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Local development programme (LDP)


LuxDev's Regional office
Vientiane Regional Office

Socio-economic development
2023 - 2027

Implementation period
December 2022 - November 2027
Total duration
60 months

Total budget
33,930,000 EUR
Contribution breakdown
  • Luxembourg Government
    27,000,000 EUR
  • SDC
    6,930,000 EUR

The expected outcome of the LAO/338 Local development programme (LDP) is “the well-being of Lao people is improved, leaving no one behind”. This reflects the priorities of the Lao government’s 9th National Socio-Economic Development Plan 2021-2025 as well as the goals of the Lao-Luxembourg Indicative Cooperation Programme V (ICP V) and the Swiss Agency for Development and Cooperation’s (SDC) Cooperation Programme for the Mekong Region (2022-2025), who are jointly funding the programme.

The Local development programme will build on the strong working relationships that have been established under its predecessor LAO/030 with the Ministry of Planning and Investment, particularly the Department of Planning, and its line agencies within the four target provinces. It will continue to foster participatory planning and channel programme resources into realising priorities at the district and village level. Its focus on capacity development at national but primarily at sub-national levels will assist central, provincial, district and village authorities to improve public services for the benefit of local communities. By improving capacity at all levels and engaging in policy dialogue, LDP intends to mitigate some of the threats facing rural communities in Lao PDR, which include land tenure insecurity, deforestation and low education outcomes. 

The total budget is 33 930 000 EUR over the five-year period 2023-2027. While strengthening the capacity of relevant central agencies, LDP will focus on the poorest villages and districts in the provinces of Bokeo, Vientiane, Bolikhamxay and Khammouane, and will expand operations to cover approximately 20 districts and 315 villages.

To meet the outcome mentioned above, LDP used a Theory of Change process to identify three intermediate changes with priority areas of intervention as follows:

  • social-economic opportunities for sustainable livelihood are created for Lao people, leaving no one behind will focus on creating productive farming opportunities (whether commercial or subsistence) for men and women. This intermediate changes also encompasses interventions in nutrition and health, land tenure security and climate change adaptation, inclusive finance, cooperation with the private sector to improve market access and capacity development support for enhanced farming/business skills. Partnerships will be maintained with two Luxembourg based non-governmental organizations, being ADA (specialising in inclusive finance) and Caritas (specialising in community development) as well as locally based non-profit associations;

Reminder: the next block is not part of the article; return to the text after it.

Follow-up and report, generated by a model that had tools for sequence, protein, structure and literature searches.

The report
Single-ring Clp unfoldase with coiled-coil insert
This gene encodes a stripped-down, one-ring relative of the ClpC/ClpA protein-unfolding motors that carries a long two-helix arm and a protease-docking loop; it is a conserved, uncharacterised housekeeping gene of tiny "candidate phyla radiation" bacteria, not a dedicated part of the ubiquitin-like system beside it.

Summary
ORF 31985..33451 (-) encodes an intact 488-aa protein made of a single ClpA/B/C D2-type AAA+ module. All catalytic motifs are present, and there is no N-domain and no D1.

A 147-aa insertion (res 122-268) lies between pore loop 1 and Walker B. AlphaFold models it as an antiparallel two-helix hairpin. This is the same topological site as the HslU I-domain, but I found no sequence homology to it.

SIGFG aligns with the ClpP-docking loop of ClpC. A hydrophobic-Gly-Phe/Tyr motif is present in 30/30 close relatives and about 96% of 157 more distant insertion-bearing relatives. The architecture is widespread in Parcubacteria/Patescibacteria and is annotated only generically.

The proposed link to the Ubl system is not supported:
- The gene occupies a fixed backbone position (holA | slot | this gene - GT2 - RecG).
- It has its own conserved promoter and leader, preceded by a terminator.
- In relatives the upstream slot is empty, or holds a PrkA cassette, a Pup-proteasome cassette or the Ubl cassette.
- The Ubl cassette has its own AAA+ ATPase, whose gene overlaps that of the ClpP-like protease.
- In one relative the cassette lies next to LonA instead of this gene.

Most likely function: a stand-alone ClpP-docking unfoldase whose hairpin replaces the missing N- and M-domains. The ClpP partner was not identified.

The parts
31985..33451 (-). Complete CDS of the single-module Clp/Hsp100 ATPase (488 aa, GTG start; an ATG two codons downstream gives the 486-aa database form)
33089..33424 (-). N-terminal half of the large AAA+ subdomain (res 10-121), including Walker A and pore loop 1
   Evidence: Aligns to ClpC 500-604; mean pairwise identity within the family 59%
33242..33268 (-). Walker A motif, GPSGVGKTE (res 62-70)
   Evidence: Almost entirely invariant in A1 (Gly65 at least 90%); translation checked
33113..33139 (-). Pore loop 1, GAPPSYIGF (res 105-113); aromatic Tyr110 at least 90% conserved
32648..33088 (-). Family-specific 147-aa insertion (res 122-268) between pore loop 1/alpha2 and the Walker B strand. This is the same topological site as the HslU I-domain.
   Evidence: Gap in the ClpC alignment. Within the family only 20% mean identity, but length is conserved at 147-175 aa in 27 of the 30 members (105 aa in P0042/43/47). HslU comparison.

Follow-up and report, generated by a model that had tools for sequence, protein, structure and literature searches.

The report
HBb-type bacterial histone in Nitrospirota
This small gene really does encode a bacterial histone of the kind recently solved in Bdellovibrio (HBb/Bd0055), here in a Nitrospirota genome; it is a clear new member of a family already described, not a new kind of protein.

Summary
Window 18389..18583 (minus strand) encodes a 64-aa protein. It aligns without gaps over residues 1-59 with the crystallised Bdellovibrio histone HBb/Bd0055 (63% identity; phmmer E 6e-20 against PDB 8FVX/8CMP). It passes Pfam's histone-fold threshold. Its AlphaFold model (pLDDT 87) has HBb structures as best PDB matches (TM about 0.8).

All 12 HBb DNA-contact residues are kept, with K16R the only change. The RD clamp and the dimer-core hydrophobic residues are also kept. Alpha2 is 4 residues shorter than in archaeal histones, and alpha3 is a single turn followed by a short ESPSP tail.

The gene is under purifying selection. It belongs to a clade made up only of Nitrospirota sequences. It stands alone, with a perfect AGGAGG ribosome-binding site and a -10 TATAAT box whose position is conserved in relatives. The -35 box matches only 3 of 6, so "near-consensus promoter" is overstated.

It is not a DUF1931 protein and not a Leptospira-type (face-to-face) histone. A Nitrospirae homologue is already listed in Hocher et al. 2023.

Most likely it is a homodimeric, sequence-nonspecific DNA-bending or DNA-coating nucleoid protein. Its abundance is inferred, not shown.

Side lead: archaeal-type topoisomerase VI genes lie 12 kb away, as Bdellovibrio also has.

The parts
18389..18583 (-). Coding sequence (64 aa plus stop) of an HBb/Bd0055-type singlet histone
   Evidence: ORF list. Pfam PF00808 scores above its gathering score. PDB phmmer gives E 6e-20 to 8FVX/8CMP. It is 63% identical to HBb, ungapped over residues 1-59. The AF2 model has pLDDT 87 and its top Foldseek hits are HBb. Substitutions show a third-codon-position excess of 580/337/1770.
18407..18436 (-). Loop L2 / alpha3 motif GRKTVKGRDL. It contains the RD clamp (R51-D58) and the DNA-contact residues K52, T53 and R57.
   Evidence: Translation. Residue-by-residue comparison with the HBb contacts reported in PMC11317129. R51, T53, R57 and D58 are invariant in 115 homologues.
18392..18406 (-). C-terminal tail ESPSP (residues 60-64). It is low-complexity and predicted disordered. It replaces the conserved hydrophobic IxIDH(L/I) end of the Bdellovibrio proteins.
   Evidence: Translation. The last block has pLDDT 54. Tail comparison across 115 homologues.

• Lao people have access to improved and more resilient public services including infrastructure provided by district authorities will introduce a District Annual Financing Window, through which target districts (with provincial support and under provincial supervision) will receive a secure budget envelope based on a number of criteria including population size to implement prioritised actions in the key areas of education, water, sanitation and hygiene and feeder roads in line with district development plans;
  • Lao people have access to improved and more resilient village-level services will continue to support the participatory Village Development Planning process established under LAO/030 for identifying and prioritising village needs. This village plans will be supported with a Village Development Fund to meet community priorities in infrastructure rehabilitation/maintenance, credit and capacity development among others.

Actions to maximise the effectiveness and efficiency of LDP include:

  • ensuring alignment with current and upcoming national strategies;
  • using existing government guidelines and systems for procurement and monitoring;
  • promoting local ownership through the activity prioritisation process at district and village level;
  • collaborating with other donors to avoid duplication;
  • adopting a flexible approach to budgeting to reward well performing villages and districts; and
  • establishing robust monitoring and evaluation systems that allow for feedback and learning.